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Steve-B

How on earth do you load a custom cursor??

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Steve-B    150
Hi guys & gals I know this isn't strictly an OpenGL issue but it's still games related. Basically I'm having trouble adding a custom mouse pointer to my OpenGL game. I don't want the standard windows mouse pointer as it just looks naff in a game. Plus I want the cursor to change when the mouse is positioned over certain objects in the game. I'll figure that part out myself though. Anyway I have created the cursor in Visual Studio 6 in the same way I created an icon for the program. I used the usual resource file creation method that worked for my program icon. Unfortunately when the program loads the mouse pointer just shows up as the hourglass cursor. I'm loading the cursor as a resource and I can't figure out why this doesn't work. Is there anything special you have to do for cursors? Do they have to be a certain size or number of colours? Are there any tutorials on the net?? Cheers, Steve

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Steve-B    150
I'm already using the LoadCursor function. I'm using it in the same way that I use the LoadIcon function. I use it like this:

winclass.hIcon = LoadIcon(NULL, "IDI_WATERDEEP");
winclass.hCursor = LoadCursor(NULL, "IDC_WATERDEEP");

Using this code the icon works great but the cursor just shows up as the standard windows hour glass cursor.

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lack the hack    110
hmm first of all, you don't need the quotes around the "IDC_WATERDEEP". its not required for win32
also, you should put in the hInstance of the other parameter, and try using MAKEINTRESOURCE( )...worked for me
so it should look something like this:

windowClass.hCursor = LoadCursor(hInstance, MAKEINTRESOURCE(IDC_RANDOM));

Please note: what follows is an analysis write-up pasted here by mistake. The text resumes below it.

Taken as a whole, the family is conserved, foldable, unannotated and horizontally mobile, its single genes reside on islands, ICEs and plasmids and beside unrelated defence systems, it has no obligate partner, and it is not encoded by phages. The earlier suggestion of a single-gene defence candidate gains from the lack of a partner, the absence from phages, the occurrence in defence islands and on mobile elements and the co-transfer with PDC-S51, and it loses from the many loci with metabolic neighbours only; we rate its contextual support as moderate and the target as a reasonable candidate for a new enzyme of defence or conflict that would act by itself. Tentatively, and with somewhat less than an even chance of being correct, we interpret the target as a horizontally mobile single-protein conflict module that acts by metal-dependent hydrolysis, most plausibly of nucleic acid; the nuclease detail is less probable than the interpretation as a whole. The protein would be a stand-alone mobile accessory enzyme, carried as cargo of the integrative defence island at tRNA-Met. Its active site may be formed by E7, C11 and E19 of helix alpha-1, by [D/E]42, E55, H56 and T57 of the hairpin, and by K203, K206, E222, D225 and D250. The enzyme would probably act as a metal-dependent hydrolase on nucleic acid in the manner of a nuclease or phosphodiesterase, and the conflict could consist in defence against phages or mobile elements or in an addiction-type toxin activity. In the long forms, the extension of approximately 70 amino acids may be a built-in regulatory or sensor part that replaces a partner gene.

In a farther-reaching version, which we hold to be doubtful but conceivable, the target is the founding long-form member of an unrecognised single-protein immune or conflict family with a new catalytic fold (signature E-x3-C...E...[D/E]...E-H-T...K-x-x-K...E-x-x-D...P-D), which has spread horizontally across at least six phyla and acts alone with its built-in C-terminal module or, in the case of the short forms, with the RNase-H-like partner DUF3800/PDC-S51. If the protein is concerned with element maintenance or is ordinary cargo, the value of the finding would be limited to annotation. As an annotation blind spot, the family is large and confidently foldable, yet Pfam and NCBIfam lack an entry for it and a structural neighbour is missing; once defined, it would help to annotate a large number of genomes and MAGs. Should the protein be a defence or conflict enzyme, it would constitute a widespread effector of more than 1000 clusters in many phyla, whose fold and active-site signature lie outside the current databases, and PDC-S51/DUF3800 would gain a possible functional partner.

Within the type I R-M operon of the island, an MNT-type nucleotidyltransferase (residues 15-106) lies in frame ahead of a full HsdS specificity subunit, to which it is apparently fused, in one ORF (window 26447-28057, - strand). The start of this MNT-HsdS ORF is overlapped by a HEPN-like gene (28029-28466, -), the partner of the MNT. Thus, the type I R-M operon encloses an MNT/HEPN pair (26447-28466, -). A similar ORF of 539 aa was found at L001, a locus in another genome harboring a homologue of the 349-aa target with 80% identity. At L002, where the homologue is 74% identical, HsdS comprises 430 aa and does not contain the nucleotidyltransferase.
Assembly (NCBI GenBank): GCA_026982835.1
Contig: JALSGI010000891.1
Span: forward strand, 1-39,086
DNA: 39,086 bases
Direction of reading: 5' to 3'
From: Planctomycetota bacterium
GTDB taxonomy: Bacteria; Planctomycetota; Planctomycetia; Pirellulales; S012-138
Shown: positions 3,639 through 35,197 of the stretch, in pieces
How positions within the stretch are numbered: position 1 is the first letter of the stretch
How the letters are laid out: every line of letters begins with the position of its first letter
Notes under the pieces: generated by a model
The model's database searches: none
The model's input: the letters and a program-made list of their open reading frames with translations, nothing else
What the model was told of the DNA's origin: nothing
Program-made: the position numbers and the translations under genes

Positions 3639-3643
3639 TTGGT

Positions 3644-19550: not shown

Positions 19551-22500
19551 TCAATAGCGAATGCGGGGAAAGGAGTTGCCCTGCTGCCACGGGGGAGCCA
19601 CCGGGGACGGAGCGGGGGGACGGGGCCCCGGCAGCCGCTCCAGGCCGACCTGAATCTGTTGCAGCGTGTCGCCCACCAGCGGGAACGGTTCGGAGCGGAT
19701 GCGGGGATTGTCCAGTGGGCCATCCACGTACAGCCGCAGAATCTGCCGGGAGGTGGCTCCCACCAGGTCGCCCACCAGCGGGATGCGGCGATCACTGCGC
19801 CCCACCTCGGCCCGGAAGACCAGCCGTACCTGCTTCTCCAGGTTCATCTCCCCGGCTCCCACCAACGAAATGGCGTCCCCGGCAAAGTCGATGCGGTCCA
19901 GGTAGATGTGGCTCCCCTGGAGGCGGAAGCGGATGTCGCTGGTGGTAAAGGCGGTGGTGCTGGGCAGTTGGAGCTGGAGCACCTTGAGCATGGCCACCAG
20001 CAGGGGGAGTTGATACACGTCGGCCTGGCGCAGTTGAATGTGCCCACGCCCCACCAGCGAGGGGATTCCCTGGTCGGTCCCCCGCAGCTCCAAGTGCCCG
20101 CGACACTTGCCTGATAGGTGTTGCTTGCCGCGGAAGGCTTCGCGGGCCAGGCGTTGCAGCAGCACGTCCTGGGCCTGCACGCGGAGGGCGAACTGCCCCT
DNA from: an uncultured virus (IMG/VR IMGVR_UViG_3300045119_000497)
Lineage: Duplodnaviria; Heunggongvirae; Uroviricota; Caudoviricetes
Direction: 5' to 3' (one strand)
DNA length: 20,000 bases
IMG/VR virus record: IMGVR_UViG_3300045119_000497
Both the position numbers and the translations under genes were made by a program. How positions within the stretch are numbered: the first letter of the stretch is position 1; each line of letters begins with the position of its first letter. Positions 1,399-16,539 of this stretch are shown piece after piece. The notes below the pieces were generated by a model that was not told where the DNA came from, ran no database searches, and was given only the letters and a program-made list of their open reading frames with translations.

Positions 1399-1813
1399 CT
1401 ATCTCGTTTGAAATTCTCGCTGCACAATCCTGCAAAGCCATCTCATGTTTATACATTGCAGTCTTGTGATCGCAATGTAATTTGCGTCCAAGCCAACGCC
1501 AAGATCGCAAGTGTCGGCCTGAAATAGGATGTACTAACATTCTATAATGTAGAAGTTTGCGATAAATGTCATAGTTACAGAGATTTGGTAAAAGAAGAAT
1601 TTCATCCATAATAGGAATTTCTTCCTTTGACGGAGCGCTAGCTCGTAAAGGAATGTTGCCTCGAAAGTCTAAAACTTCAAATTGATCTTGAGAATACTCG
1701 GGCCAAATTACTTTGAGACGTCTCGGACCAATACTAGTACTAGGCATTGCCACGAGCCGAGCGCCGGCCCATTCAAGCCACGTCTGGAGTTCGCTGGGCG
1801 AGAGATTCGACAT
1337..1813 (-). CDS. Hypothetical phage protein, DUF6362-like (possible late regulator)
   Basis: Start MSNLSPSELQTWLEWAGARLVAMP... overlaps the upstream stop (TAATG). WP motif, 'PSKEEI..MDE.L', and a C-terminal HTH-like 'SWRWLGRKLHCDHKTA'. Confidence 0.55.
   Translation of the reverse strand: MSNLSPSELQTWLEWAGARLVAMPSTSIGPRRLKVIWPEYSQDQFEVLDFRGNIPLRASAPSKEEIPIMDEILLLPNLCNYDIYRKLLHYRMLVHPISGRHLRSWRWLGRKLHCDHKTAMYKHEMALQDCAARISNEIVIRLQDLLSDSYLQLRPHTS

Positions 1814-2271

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Caste    973
i think lack tha hack's right,
but if you want to crate a cursor only for OpenGL(and if you're familiar with OpenGL), you might just save the mouse position by catching the WM_MOUSEMOVE event in WndProc (if you called it like this, Nehe does).
Then you draw a textured quad in gluOrtho-mode which looks like your cursor(alpha blending might be good) and switch of the Windows-Cursor via "ShowCursor(false);"...
But unfortunately needs much OpenGL knowledge...

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Axesor    100
I think both ideas would be useful and come out with the same (or better) results. Here's the question: Which one uses up more bytes? The one with the less bytes is the one I would go for.

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llvllatrix    340
Quote:
Original post by Axesor
I think both ideas would be useful and come out with the same (or better) results. Here's the question: Which one uses up more bytes? The one with the less bytes is the one I would go for.


I'm not so sure; disk and memory are fairly cheap. In terms of processing preformance, there probably would be very little difference if you drew your cursor using windows or OpenGL. There are however, two benefits to using GL over Windows. Firstly, it is cross platform so you dont have to port your cursors. Secondly, GL is more flexible than windows, so you could potentially do a 3d cursor if you had to (or perhaps more realisticly cross hairs). You also wont run into any drawing artifacts that may occur with your new cursor and the GL context.

Cheers,
- llvllatrix

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Steve-B    150
Thanks for the help. Looks like I'll have to take the OpenGL route as I still can't get the pointer working through the Windows functions. Not sure what I'm doing wrong. I've taken the advice 'lack' but still it doesn't work. I'll use the OpenGL method. Cheers.

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JakeM    168
I think it depends on whether you are making a windowed app or a full-screen app.
I personally would use the MS cursor for a windowed app. Full screen app you can draw
your own cursor.

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